Gwen Brunelle shouldn’t have been in Jordan Valley in late June, buying gas. The Boise woman was supposed to be hundreds of miles away near Fresno, California, getting coached in rabbit judging.
But roughly 24 hours after she told the station attendant she was “in a hurry,” her unattended vehicle was spotted off a state highway north of Jordan Valley. The 27-year-old woman had disappeared. A missing person report soon triggered one of the most intense searches ever undertaken in Malheur County. Repeated searches found no trace of Brunelle. Authorities believe she is somewhere out in rangeland that is sparsely vegetated with sagebrush, rabbitbrush, cheat grass and crested wheatgrass. Authorities report that 9 out of 10 of missing people are found within 48 hours. Only 1 out of a 100 are still missing after a year. In Oregon, 220 people are still missing after being reported in 2022, according to Oregon State Police data. That includes two cases in Malheur County. (oregon news)
Oregon employees who need time off to care for family members or navigate serious illnesses can now take paid leave under the new state’s long-awaited paid family and medical leave program which began on Sunday.
Angela Yeager, a spokesperson for Paid Leave Oregon, said benefit payments will start going out Sept. 13. The program has received over 9,000 applications as of Thursday. The state has approved just over 1,250, according to Yaeger. The Oregon Legislature established the program in 2019, making Oregon one of just 11 states, along with Washington, D.C., to offer paid family and medical leave. Oregon’s program is funded by a payroll tax of 1% on gross wages. Employers with 25 or more workers pay 40% of the contribution while employees pay 60%. Workers participating in the program receive between $63.48 and $1,523.63 a week during their leave, depending on their base salary. Yaeger said the program “levels the playing field for working Oregonians who may not have had any access to paid time off until now.” (oregon news)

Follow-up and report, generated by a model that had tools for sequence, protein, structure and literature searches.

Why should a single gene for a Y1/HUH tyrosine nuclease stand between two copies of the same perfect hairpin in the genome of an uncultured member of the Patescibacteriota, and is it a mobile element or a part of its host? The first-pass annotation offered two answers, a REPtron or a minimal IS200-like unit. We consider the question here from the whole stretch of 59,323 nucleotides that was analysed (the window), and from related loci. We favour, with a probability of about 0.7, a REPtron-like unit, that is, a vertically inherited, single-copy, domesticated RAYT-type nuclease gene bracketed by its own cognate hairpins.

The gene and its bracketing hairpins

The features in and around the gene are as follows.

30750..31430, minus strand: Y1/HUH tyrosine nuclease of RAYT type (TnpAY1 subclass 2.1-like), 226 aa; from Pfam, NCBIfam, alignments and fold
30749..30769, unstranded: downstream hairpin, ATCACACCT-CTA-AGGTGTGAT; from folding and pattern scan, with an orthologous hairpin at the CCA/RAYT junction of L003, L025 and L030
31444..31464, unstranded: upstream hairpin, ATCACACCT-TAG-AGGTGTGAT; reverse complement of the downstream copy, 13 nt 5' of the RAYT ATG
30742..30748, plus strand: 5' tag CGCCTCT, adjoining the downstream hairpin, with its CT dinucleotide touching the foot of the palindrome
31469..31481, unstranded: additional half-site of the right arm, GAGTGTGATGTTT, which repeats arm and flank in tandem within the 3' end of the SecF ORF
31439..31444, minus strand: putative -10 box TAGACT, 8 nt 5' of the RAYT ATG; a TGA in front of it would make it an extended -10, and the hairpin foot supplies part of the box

Cannon Beach lifeguards rescued six people, including two children, swept up by a rip current at Chapman Point on Saturday over the busy Labor Day Weekend.
Lifeguards watched the group get dragged farther from the shore by the current at 12:18 a.m., and one of them dove into the water while another guard called for help from local fire departments. Three other beach lifeguards dove in to help find the group. Cannon Beach Rural Fire Protection District and the U.S. Coast Guard responded with water scooters and a helicopter, Cannon Beach lifeguards said in a social media post. With the help of three local surfers, all six people were rescued, officials said. One lifeguard was treated for minor injuries. Rip currents, sometimes called riptides, are strong, narrow channels of water moving toward the ocean starting near the shoreline. Rip currents often look like darker, narrow gaps of water heading offshore between breaking waves or whitewater, according to the National Weather Service. Beachgoers should look for choppy, rippled water heading offshore. These areas will often seem like safe places to enter because no waves are rolling in, but should be avoided. (oregon news)